Chlamydia:

a disease caused by the bacteria Chlamydia trachomatis. It is most commonly sexually transmitted in the US.
Symptoms include abdominal pain, burning on urination, painful intercourse, vaginal discharge or bleeding after intercourse.

Myomas:

Uterine fibroids are tumors that grow from the wall of the uterus. The wall of the uterus is made of muscle tissue, so a fibroid is a tumor made of muscle tissue. The fibroids start off very small, actually from one cell, and generally grow slowly over years before they cause any problems. Most fibroids are benign; malignant fibroids are rare. The cause of fibroids is unknown, although it is known that fibroids have a tendency to run in families. Fibroids are very common, with an estimated 50% of women having them. Fibroids can be diagnosed by pelvic examination or by ultrasound. Fibroids do not have to be removed unless they are causing symptoms such as heavy periods, irregular bleeding, or severe cramps with periods.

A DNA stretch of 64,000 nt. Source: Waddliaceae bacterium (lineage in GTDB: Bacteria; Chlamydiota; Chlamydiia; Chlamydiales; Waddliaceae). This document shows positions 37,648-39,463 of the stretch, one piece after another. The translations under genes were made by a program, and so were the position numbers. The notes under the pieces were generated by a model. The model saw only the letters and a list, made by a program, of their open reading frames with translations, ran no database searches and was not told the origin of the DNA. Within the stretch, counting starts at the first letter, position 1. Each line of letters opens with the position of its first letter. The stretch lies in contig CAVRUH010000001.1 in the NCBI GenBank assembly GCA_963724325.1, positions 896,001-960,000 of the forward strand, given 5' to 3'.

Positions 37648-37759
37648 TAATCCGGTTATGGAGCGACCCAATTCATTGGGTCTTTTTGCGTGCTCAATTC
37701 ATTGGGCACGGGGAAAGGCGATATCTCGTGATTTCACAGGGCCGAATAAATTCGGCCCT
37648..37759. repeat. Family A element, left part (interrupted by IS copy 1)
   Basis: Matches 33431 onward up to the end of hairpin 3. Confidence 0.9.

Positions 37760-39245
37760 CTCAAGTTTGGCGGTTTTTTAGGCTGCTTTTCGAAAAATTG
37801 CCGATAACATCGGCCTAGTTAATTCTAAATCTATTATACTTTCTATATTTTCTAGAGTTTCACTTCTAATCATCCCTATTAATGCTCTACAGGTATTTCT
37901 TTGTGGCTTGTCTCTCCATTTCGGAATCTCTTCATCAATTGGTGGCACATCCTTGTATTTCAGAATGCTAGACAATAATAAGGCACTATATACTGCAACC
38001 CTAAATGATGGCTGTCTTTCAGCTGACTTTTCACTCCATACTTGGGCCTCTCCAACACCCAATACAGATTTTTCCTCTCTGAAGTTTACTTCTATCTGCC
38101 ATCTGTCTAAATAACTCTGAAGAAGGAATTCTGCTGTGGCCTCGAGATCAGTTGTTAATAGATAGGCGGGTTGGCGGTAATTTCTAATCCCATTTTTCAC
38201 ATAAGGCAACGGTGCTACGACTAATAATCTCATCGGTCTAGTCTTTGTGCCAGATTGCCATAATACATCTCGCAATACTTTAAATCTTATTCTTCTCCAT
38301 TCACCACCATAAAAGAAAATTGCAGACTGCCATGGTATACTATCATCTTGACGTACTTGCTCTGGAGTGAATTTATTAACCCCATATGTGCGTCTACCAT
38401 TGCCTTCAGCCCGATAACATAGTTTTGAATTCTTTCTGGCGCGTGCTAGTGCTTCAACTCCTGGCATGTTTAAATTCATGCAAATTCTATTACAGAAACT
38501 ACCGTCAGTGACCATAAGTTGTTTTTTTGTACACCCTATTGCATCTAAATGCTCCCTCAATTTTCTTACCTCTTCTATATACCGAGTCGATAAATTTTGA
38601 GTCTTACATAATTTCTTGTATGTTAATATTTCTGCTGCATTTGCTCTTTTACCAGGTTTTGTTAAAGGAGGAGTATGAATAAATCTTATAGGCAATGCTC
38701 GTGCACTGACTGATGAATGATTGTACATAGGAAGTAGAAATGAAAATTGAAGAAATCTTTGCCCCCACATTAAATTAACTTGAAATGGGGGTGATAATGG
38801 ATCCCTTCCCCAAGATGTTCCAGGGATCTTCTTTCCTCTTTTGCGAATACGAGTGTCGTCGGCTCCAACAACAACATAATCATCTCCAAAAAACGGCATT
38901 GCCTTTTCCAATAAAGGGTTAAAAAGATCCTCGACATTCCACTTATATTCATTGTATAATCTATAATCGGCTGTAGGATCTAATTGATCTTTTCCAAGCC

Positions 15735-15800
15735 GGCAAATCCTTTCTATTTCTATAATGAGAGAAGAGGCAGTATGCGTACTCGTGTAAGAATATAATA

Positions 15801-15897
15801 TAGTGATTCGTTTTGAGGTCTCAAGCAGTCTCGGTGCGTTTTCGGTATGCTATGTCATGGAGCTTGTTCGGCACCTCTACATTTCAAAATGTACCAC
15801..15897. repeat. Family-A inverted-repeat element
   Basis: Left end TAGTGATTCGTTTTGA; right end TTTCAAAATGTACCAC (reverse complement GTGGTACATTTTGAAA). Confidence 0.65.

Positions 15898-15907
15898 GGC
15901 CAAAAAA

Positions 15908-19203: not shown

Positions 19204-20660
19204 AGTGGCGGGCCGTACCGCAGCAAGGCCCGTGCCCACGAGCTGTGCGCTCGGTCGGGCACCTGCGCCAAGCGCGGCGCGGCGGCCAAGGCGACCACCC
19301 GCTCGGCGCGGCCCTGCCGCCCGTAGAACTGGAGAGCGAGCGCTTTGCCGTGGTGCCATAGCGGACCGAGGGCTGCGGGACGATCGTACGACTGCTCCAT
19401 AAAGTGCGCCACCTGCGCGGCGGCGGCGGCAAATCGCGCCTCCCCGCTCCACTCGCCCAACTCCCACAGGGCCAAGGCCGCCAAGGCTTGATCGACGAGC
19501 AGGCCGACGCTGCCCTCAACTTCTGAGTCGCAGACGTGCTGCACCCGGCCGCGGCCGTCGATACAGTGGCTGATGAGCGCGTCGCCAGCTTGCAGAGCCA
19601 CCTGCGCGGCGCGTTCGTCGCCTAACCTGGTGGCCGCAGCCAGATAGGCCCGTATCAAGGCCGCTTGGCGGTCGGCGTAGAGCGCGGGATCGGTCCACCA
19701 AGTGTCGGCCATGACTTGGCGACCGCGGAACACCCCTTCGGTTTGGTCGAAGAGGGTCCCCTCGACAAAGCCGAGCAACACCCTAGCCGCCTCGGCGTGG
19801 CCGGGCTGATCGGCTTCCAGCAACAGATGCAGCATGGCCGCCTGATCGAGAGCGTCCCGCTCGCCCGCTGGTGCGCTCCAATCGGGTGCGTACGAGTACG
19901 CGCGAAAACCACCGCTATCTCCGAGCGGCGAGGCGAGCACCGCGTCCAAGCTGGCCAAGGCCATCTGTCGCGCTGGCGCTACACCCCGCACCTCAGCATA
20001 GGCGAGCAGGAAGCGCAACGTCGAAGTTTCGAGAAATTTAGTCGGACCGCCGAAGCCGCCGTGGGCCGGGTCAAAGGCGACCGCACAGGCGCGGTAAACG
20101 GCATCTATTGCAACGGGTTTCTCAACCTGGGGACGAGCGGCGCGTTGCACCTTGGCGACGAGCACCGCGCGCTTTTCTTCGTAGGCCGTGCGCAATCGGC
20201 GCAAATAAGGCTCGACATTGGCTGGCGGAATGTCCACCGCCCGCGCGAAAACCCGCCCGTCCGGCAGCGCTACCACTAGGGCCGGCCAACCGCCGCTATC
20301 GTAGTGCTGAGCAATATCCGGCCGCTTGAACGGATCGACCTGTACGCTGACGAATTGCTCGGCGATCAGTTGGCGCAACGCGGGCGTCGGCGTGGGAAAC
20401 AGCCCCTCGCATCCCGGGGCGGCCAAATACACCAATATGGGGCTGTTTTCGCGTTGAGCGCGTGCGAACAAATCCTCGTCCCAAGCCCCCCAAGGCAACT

Endometriosis:

A painful disorder in which tissue that normally lines the inside of your uterus — the endometrium — grows outside your uterus. Endometriosis most commonly involves your ovaries, bowel or the tissue lining your pelvis. Rarely, endometrial tissue may spread beyond your pelvic region.

Follicles: